who, says Plutarch in Romul. 1. p. 49, 2. Antimachus of Teos was an epic poet, Xyl., was thought to have witnessed the eclipse of the sun that took place in Ol. 6, 3. One of his verses was imitated, according to Clemens Alex. Strom. vi. p. 622, by Augias, an obscure comic writer of Athens. It was to this effect-" Presents will cozen hearts and hands."
of the most celebrated Greek professors ANTIMACO, (Marco Antonio,) one of Italy during the sixteenth century, was in Greece for five years, until he could born at Mantua, about 1473. He resided write and speak the language as easily as Latin or Italian. In 1532 he became professor at Ferrara, where he died in 1552. He translated Gemistus Plethon, and part of Dionysius of Halicarnassus. Bâle, 1540. Several epigrams by him, in Greek and Latin, are in a collection of letters addressed to Vettori, and pub
lished by Bandini, at Pavia, in 1758. (Ti- the execution of this design. Annibal raboschi.)
arrived at the court of Antiochus, and advised him to attack the Romans in Italy; he, however, carried the war into Greece; but finally was obliged to make peace, on the terms of surrendering the whole of Asia on one side of the Taurus, and paying a large yearly tribute. He was killed, B. c. 187, in an attempt to plunder the temple of Belas, in Lusiana. (Strab. 16. Liv. 34. Appian.)
ANTIN, (d'.) See GONDRIN. ANTINE, (d'.) See D'ANTINE. ANTINORI, (Ludovico Antonio,) a learned Italian antiquary, born about 1720 at Aquila, in the Abruzzi; was archbishop of Lanciano. Several memoirs by him were published by Muratori in his Thesaurus. He had collected extensive materials for the history of the Abruzzi, but was prevented from publishing any of them by his death in 1780. Four volumes, however, of a work intended to extend to fifteen, appeared at Naples in 1781-2-3-4, under the titleRaccoltà di Memorie istoriche delle tre Provincie degli Abruzzi. (Biog. Univ. Suppl.)
ANTIOCHUS, son of Phintas, king of the Messenians, who died B. c. 744, and was succeeded by his son Euphaes.
ANTIOCHUS, the name of various Syrian kings, whose history is connected with that of Greece and Rome:
Antiochus I. (surnamed Soter,) was son of Seleucus I. He fell in love with Stratonice, his step-mother, who was resigned to him by his father. In 275 B. c. he conquered the Gauls, who were ravaging Asia, in a great battle; and in B. c. 262, was killed near Ephesus. (Val. Max. Polyb. Appian.)
Antiochus II. surnamed Theos by the Milesians, for ridding them of their tyrant Timarchus, was son and successor to Antiochus I. He married Berenice, daughter of Ptolemy, and was poisoned by Laodice his former wife, whom he had repudiated, B.c. 246. (Appian.)
Antiochus, (surnamed Hierax,) son of Antiochus II. and Laodice; was made king of Cilicia by Ptolemy Euergetes, in opposition to Seleucus Callinices his brother. War was carried on for a long time between the brothers, and ended in the entire defeat of Antiochus. He died B. c. 227.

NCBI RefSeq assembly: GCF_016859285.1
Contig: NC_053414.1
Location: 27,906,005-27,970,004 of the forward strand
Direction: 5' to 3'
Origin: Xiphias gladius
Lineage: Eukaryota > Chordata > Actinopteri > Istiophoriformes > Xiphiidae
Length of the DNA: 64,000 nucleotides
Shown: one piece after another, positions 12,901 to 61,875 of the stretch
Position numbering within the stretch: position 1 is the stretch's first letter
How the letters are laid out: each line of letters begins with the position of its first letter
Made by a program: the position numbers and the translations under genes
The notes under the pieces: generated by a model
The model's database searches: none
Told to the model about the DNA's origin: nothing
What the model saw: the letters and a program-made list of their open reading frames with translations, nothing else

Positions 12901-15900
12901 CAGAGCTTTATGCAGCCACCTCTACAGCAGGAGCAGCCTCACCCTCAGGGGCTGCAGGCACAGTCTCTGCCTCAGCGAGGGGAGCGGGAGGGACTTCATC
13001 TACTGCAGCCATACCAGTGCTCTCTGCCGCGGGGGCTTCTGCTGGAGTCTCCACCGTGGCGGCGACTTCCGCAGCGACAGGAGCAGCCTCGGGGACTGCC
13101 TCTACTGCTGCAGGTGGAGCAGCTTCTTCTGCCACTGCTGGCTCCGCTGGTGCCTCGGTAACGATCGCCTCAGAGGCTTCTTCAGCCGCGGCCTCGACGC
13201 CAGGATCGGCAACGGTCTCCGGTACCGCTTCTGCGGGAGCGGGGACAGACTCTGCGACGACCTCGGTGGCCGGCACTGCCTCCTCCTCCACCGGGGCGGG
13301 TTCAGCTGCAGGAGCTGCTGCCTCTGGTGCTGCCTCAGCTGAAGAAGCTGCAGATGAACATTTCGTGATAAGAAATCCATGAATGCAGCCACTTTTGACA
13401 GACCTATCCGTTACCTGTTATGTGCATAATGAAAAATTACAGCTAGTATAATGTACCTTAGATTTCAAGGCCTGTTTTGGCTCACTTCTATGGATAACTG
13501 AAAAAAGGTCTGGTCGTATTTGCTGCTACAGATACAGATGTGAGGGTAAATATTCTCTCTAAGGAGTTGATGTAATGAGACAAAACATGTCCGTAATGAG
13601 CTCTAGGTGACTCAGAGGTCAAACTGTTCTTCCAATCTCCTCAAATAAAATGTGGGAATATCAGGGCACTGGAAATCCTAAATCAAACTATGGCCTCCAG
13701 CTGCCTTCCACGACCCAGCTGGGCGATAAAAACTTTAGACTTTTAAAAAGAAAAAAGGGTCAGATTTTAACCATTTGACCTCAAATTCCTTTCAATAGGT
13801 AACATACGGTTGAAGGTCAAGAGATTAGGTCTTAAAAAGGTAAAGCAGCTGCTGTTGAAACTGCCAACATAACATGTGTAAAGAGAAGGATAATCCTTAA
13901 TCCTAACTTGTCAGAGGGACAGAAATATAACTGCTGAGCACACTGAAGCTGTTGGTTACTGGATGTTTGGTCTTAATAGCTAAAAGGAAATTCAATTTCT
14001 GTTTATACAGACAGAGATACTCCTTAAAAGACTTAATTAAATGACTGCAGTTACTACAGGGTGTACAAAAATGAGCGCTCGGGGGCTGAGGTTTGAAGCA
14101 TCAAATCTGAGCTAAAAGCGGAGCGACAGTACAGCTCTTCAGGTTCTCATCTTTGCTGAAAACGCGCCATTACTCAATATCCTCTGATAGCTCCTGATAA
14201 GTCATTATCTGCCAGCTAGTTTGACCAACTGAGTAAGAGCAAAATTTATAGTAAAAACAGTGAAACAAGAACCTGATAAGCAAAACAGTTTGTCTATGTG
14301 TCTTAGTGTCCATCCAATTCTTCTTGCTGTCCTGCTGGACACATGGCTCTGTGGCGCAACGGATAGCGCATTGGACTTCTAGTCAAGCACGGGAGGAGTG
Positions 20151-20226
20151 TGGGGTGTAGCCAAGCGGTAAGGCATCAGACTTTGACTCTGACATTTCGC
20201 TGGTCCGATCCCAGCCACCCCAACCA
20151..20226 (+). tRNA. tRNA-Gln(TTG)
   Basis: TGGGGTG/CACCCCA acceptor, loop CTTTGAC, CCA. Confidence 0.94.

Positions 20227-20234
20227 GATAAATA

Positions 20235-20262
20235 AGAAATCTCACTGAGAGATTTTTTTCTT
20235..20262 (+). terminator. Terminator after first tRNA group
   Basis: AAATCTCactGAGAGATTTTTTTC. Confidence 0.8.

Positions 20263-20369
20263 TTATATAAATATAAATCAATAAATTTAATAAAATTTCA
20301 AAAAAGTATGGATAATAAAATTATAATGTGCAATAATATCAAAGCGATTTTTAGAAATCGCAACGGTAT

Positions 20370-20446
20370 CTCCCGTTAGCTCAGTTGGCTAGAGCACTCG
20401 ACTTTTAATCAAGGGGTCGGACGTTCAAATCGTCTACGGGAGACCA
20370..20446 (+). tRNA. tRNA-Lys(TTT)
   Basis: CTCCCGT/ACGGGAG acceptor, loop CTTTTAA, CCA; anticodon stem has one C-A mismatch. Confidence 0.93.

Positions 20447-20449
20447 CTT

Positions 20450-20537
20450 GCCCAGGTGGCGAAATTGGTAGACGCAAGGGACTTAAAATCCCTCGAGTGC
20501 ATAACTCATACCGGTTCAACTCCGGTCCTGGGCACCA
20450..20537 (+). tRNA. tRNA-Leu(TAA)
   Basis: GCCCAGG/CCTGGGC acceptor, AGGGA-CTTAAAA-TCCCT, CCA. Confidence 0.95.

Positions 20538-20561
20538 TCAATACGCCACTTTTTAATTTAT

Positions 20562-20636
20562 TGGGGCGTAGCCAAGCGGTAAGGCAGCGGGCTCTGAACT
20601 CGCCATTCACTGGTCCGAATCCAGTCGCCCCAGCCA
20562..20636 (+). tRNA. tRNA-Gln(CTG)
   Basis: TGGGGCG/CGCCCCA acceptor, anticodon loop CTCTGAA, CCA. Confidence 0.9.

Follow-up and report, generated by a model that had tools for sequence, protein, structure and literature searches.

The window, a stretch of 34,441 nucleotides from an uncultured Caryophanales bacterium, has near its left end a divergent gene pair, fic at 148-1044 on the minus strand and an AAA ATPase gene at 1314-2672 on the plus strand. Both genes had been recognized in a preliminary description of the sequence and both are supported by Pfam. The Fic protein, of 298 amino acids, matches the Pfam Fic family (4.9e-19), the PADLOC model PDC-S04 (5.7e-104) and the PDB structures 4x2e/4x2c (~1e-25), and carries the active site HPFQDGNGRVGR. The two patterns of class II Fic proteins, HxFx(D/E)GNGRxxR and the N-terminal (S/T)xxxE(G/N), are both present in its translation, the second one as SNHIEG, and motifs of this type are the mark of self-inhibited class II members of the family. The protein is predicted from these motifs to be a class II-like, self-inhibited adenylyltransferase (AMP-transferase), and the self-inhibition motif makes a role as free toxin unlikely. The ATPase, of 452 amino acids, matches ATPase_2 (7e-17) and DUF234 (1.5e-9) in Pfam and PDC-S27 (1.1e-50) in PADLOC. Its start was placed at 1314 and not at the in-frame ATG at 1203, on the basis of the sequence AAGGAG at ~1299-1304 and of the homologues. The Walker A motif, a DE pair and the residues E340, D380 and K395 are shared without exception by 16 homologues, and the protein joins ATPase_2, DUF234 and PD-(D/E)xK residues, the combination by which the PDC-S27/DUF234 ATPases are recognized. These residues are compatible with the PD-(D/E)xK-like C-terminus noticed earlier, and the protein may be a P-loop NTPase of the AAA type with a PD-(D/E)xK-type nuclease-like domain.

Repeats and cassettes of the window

Antiochus III. (surnamed the Great,) was brother to Seleucus Ceraunus, on whose death he was proclaimed king of Syria by the army. He was defeated by Ptolemy Philopater, at Rhaphia. He had afterward a long series of successes, made war against Persia, took Sardis, and restored the kingdom of Syria to its ancient splendour of dominion. On the death of Ptolemy, Antiochus united with Philip, king of Macedon, to deprive his infant son Ptolemy Epiphanes of his kingdom; but the Romans, to whom he had been confided by his father, prevented
Antiochus IV., son of Antiochus the Great, was brought up at Rome as a hostage. He was surnamed Epiphanes, and afterwards, for his extravagances, Epimanes. He reigned eleven years, and practised such cruelties in Judæa as caused the revolt of the Maccabees. He died in a fit of madness, B. c. 164, in returning from an attempt to plunder the temple of Elymaïs, in Media, which contained vast treasures. The Persians ascribed his death to this impious act-the Jews, to his profanation of the temple at Jerusalem. (Polyb. Justin. xxxiv. c. 3.)
Antiochus V. (surnained Eupator,) son of Antiochus IV.; became king in B. c. 164, and was killed three years afterwards, at the age of twelve, by his uncle Demetrius. (Justin. xxiv. Joseph. xii.)
Antiochus VI. (surnamed Dionysius,) son of Alexander Balas; was placed on the throne by Tryphon, in place of Demetrius Philadelphus, about B. c. 144, and after a reign of two years, was put to death by him.
Antiochus VII. (surnamed Euergetes, or Sidetes,) son of Demetrius Soter, was proclaimed king B. c. 140, and expelled the usurper Tryphon. He reduced the Jews to subjection, and afterwards made war against Phraates, king of Parthia, in which he was defeated. He was killed in the temple of Elymaïs, B. c. 127.
Antiochus VIII. (surnamed Grypus,) son of Demetrius Nicanor and Cleopatra. His brother Seleucus was destroyed by her, and he would have shared the same fate, had he not discovered his mother's design, and compelled her to drink the poison prepared for himself. He was assassinated B. c. 97.
Antiochus IX. (surnamed Cyzecenus,) was son of Antiochus Sidetes and Cleopatra. His brother Grypus disputed the kingdom with him, and they divided it between them-the one taking Syria and the other Colo-Syria. Nevertheless civil war continuing to rage, he was defeated in a great battle by Seleucus VI. on which he killed himself, B. c. 95.